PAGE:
If you were stuck in prison, would you take a dangerous job if it meant getting out sooner? In August 2016, a group of super villains were given that opportunity, all they had to do was survive the mission.
Directing this 123 minute action/adventure/comedy is David Ayer.
Some of the cast is: Will Smith as Floyd Lawton/Deadshot, Margot Robbie as Harleen Quinzel/Harley Quinn, Viola Davis as Amanda Waller, Joel Kinnaman as Rick Flag, Jay Hernandez as Chato Santana/ El Diablo, Adewale Akinnuoye-Agbaje as Waylon Jones/Killer Croc, Karen Fukuhara as Tatsu Yamashiro/Katana, Jai Courtney as Digger Harkness/Captain Boomerang, Cara Delevingne as Dr. June Moone/Enchantress, Jai Courtney as Boomerang, Adam Beach as Christopher Weiss/Slipknot, Ike Barinholtz as Griggs and Jard Leto as Joker.
The Enchantress has broken free from her prison and is looking to end the world. U.S. Intelligence officer Amanda Waller feels like this is the perfect time to use the Suicide Squad, which is a team of dangerous, incarcerated super villains that she considers nothing more than disposable assets. Can this thrown together team of villains pull off what superheroes do every day and save mankind, or will they fall apart and fail?
In September 1959 Robert Kanigher’s creation Suicide Squad (also known as Task Force X) made their first appearance in the comics. In January 1987 John Ostraner was given the task of resurrecting the SS (Suicide Squad) title. That’s when Ostraner created the new SS that introduced the idea of using badguys as team members. Now, the team is made up of dangerous super villains, which get sent on missions that could cost them their lives. If the team dies, no loss- they’re bad guys. If they survive they get a certain amount of years taken off of their prison sentence.
I always liked the Suicide Squad idea because it gave the bad guys more page time in the comics and you got to see a different side of them than you were used to reading. So, when news broke about a movie I couldn’t wait to see it. Unfortunately, as more and more news came out about the movie, I became less thrilled.
One of the first problems I had with the movie was finding out the Joker was going to be in it. Most of the characters that are in the movie are lesser known individuals… unless you read comics. I felt like the Joker was being used to draw in the crowds because the studio didn’t think the squad could pull in the money on their own.
Then word came out that, not only Joker would make an appearance, but Batman would also. If you truly think the only way you can get the audience in to see your movie is by force feeding two big iconic characters into a film… maybe you should rethink your project. As time went on, I found more things out about the film: I’d catch set stills, along with seeing the “new version” of the Joker. After a while I decided it was going to be what it was and all I could do is wait to see how everything turned out. Well, as it turned out, I didn’t hate (everything about) the movie, but (sadly) it ended up being nothing more than a flashy, average flick filled with big named stars and a couple of iconic characters that walked around doing stuff.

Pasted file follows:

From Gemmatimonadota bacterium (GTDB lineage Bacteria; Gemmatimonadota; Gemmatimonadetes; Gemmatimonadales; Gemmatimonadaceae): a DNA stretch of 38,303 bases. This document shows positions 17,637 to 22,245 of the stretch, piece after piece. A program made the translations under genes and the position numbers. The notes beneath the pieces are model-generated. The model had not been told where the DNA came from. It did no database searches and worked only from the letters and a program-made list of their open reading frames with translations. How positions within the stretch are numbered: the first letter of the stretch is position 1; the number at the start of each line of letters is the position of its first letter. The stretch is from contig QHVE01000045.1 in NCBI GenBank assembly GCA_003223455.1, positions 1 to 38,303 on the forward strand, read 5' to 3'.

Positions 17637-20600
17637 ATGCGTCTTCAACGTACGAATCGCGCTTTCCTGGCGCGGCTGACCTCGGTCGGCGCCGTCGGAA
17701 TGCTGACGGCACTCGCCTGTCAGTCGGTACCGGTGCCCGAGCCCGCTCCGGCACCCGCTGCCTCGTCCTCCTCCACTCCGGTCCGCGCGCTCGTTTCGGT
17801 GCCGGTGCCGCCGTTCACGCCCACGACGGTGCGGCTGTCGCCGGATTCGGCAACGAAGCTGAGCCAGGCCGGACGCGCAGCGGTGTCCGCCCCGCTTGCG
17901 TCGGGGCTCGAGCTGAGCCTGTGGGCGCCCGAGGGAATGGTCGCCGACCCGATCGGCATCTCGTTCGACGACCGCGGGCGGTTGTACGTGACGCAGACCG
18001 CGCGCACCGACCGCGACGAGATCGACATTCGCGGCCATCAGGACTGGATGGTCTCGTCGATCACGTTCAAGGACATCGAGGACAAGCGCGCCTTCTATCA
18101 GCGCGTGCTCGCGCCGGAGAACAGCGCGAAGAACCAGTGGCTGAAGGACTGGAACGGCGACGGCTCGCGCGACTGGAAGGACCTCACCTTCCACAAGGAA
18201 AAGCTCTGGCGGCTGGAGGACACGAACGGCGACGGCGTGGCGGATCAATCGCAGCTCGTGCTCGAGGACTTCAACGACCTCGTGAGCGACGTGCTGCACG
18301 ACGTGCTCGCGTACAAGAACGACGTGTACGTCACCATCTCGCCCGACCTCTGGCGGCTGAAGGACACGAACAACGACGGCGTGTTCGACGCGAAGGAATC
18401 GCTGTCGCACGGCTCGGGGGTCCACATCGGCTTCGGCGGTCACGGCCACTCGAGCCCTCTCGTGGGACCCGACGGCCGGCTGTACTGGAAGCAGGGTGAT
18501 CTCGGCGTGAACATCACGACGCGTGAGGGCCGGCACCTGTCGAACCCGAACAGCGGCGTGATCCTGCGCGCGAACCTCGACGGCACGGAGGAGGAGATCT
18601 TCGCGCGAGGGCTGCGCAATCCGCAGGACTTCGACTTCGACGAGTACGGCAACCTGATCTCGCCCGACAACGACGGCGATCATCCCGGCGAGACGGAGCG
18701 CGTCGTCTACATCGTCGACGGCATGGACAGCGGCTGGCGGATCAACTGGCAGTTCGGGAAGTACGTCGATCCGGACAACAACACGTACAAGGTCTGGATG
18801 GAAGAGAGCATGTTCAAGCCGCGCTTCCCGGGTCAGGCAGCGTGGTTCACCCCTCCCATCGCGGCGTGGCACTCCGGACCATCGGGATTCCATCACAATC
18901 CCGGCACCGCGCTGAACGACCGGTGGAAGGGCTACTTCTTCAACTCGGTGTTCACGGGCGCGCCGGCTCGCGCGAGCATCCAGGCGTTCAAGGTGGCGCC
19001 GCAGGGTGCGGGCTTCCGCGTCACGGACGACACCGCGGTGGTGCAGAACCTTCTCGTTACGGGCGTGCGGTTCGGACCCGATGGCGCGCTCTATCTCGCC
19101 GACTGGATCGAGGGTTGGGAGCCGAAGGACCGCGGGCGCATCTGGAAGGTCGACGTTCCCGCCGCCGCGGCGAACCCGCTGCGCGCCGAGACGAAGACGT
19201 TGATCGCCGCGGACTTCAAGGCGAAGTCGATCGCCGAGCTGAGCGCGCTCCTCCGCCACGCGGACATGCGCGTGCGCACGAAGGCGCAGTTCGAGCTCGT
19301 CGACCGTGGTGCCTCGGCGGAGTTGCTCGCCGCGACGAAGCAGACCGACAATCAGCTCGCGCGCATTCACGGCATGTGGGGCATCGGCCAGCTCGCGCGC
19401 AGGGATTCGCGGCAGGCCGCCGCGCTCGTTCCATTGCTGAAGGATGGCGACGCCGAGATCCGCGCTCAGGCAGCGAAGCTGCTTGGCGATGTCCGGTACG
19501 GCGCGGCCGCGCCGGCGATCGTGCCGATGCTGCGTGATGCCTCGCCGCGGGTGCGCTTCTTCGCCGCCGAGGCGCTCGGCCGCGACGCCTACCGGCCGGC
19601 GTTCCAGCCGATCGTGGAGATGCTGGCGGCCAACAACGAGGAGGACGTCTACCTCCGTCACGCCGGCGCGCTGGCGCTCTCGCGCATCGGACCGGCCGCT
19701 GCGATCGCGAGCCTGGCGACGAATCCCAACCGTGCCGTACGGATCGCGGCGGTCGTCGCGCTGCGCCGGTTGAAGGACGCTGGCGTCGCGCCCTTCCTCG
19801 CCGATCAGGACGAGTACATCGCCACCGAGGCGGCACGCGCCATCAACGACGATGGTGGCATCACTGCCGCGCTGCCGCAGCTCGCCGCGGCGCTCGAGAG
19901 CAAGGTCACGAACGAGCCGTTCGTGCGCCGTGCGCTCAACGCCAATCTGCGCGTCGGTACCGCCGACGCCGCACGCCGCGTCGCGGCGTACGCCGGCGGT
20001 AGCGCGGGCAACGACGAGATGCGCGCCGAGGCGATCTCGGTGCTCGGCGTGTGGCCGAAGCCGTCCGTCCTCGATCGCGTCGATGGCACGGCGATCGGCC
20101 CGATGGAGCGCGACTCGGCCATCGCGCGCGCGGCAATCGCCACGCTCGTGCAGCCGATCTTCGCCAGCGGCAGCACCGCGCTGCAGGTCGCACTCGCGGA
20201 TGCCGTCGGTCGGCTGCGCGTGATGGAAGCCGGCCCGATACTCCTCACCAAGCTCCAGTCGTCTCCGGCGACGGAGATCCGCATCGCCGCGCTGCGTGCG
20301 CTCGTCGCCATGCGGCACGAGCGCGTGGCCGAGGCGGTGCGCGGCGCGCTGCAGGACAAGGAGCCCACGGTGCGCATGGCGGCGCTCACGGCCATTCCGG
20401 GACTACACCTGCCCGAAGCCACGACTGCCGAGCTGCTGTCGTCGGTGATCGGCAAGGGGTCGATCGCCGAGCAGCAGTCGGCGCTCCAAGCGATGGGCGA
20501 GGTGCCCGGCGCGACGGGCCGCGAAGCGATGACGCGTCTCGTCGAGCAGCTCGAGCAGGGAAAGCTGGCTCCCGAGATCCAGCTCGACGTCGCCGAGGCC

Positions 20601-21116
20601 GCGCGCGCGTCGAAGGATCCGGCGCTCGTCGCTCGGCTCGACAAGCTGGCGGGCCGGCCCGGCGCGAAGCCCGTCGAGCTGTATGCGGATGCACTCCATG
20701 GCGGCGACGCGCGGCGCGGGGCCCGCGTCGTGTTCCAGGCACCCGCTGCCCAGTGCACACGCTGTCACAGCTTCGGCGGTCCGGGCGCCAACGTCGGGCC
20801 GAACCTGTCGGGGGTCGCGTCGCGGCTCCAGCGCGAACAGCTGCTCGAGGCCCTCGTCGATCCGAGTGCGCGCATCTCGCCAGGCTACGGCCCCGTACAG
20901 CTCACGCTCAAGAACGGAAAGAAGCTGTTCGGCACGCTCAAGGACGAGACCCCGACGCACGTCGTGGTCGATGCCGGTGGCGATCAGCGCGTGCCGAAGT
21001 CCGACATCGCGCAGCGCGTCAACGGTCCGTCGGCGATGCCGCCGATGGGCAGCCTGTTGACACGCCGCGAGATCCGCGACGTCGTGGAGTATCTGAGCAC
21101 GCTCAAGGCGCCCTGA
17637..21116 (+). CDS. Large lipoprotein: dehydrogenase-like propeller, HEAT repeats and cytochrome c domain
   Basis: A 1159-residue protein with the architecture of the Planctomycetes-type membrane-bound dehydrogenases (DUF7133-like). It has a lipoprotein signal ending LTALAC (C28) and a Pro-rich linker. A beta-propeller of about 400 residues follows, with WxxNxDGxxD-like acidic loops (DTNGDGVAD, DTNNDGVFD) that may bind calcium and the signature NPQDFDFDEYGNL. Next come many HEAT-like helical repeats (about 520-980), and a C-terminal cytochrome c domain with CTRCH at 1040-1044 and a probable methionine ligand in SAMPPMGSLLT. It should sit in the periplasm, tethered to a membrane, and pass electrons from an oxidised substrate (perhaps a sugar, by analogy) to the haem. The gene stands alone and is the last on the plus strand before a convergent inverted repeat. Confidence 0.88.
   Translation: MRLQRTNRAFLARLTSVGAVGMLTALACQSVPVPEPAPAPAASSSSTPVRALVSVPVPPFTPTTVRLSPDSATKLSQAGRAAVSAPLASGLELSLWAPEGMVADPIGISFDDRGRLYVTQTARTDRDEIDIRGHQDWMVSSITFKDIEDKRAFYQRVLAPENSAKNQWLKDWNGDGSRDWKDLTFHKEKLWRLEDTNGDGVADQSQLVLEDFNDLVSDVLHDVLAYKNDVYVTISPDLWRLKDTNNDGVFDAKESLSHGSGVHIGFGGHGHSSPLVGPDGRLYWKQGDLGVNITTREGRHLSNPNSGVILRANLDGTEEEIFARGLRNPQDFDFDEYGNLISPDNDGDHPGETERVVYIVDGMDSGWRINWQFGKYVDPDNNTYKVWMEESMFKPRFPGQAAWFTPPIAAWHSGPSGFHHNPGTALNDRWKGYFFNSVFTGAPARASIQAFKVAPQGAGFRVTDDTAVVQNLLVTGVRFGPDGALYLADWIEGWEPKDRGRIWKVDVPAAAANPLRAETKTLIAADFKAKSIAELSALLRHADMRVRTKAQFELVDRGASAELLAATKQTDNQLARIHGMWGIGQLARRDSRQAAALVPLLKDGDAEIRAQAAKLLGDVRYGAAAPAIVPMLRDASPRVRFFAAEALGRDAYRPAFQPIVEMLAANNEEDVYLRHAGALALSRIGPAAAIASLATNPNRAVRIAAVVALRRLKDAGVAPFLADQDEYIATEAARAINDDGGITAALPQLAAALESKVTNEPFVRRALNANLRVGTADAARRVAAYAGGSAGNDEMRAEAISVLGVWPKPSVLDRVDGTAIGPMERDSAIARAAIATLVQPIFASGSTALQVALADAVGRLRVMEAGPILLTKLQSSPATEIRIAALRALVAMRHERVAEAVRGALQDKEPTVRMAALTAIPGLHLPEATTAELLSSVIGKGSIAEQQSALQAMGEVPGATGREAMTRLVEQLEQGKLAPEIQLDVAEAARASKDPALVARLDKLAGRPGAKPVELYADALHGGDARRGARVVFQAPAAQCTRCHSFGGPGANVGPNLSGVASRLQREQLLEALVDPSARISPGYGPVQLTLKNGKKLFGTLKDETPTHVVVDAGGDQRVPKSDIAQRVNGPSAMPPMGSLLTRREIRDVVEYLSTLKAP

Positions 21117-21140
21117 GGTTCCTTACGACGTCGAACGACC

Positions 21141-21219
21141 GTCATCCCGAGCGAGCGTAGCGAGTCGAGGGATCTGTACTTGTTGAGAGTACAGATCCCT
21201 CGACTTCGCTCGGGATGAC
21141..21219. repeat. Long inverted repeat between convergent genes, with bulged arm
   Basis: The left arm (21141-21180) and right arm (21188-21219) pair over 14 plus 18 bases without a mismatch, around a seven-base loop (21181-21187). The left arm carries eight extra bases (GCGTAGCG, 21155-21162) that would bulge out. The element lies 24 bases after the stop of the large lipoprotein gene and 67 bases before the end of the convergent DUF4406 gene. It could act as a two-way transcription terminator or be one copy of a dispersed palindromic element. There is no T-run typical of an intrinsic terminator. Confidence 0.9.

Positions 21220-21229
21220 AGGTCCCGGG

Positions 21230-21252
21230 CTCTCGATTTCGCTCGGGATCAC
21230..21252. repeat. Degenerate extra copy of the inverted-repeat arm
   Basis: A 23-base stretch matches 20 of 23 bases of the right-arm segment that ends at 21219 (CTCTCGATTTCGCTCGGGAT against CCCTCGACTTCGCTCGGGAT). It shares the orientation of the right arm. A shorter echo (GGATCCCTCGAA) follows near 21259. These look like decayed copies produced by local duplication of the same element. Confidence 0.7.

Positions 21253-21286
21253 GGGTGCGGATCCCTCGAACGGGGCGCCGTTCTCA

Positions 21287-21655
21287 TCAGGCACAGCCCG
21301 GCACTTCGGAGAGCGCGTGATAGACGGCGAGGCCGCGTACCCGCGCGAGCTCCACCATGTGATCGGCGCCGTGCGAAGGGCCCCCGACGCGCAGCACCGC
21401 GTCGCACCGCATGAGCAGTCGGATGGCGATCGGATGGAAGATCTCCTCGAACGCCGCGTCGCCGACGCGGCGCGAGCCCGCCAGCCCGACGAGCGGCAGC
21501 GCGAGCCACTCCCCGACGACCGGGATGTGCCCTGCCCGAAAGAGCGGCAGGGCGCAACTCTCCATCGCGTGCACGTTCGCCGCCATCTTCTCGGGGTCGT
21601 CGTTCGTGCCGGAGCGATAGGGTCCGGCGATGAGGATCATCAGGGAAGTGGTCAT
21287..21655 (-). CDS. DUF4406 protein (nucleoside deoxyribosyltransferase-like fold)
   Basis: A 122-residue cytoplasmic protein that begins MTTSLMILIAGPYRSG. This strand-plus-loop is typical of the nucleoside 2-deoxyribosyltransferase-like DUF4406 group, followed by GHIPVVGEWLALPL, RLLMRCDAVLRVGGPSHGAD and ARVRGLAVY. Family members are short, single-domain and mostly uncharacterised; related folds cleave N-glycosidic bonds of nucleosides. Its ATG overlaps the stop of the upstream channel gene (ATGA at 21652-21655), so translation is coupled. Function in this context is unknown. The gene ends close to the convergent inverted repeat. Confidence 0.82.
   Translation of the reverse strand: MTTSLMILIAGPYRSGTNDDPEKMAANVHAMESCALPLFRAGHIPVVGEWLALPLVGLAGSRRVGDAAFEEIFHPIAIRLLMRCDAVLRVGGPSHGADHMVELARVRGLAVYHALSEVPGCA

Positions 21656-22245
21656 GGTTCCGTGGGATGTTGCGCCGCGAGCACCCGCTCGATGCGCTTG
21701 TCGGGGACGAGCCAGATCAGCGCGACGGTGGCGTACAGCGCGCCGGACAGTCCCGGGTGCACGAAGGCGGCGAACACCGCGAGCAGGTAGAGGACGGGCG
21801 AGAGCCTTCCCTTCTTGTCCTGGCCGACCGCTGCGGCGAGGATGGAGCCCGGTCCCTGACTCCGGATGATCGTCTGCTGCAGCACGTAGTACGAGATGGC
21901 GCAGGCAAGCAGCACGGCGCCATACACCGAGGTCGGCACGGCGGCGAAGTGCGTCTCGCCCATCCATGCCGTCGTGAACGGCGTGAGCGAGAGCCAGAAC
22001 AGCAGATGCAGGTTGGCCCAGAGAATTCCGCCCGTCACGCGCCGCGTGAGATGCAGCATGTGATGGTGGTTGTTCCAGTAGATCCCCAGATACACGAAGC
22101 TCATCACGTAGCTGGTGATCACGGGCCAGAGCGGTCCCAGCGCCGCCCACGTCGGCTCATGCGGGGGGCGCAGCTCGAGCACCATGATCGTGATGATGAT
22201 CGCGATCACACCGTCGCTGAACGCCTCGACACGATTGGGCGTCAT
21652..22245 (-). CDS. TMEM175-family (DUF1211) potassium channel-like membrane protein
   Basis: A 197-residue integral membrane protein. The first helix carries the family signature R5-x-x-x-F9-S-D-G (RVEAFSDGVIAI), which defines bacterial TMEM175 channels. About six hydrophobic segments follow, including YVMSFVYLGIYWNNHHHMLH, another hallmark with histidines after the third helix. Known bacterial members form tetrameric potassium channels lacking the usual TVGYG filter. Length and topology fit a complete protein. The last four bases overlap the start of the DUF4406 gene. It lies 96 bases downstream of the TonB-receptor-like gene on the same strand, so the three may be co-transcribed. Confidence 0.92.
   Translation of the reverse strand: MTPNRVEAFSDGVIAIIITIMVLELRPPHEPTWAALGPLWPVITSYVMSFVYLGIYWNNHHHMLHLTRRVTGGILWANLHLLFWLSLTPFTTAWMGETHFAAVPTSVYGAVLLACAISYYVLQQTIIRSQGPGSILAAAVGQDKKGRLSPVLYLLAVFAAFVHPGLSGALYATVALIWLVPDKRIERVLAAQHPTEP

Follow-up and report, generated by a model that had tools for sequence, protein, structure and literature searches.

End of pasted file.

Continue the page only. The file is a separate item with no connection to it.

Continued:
The story that David Ayer came up with is based on characters from DC comics. Basically, it’s your typical comic book movie. Big bad evil pops up, (in this case) a “special” group rises up to foil said evil’s plans. One of the many problems I had with the story is the team picked doesn’t seem fit for a mission going up against a magical enemy. Here you have a crocodile looking guy (yeah), a hitman (that never misses), a (super) crazy lady (that likes to use a bat), a mysterious lady with a sword (?), a fire making guy (that really likes tattoos) and a guy that uses boomerangs for weapons (really?). The hitman, yeah sure take him. Fire guy… definitely taking him! Now, out of all of the super villains in the (comic book) world they picked the sword, bat, boomerang, and croc guy, why? Well, if you really want to know that answer, sorry, but you won’t get it from the movie. Next problem, if you’re using bad guys for the mission because you don’t want to lose good guy lives… why does Flag (team leader) take a group of trained military personal with him and the bad guy squad? Sadly, the story had tons of potential, but failed to properly use it.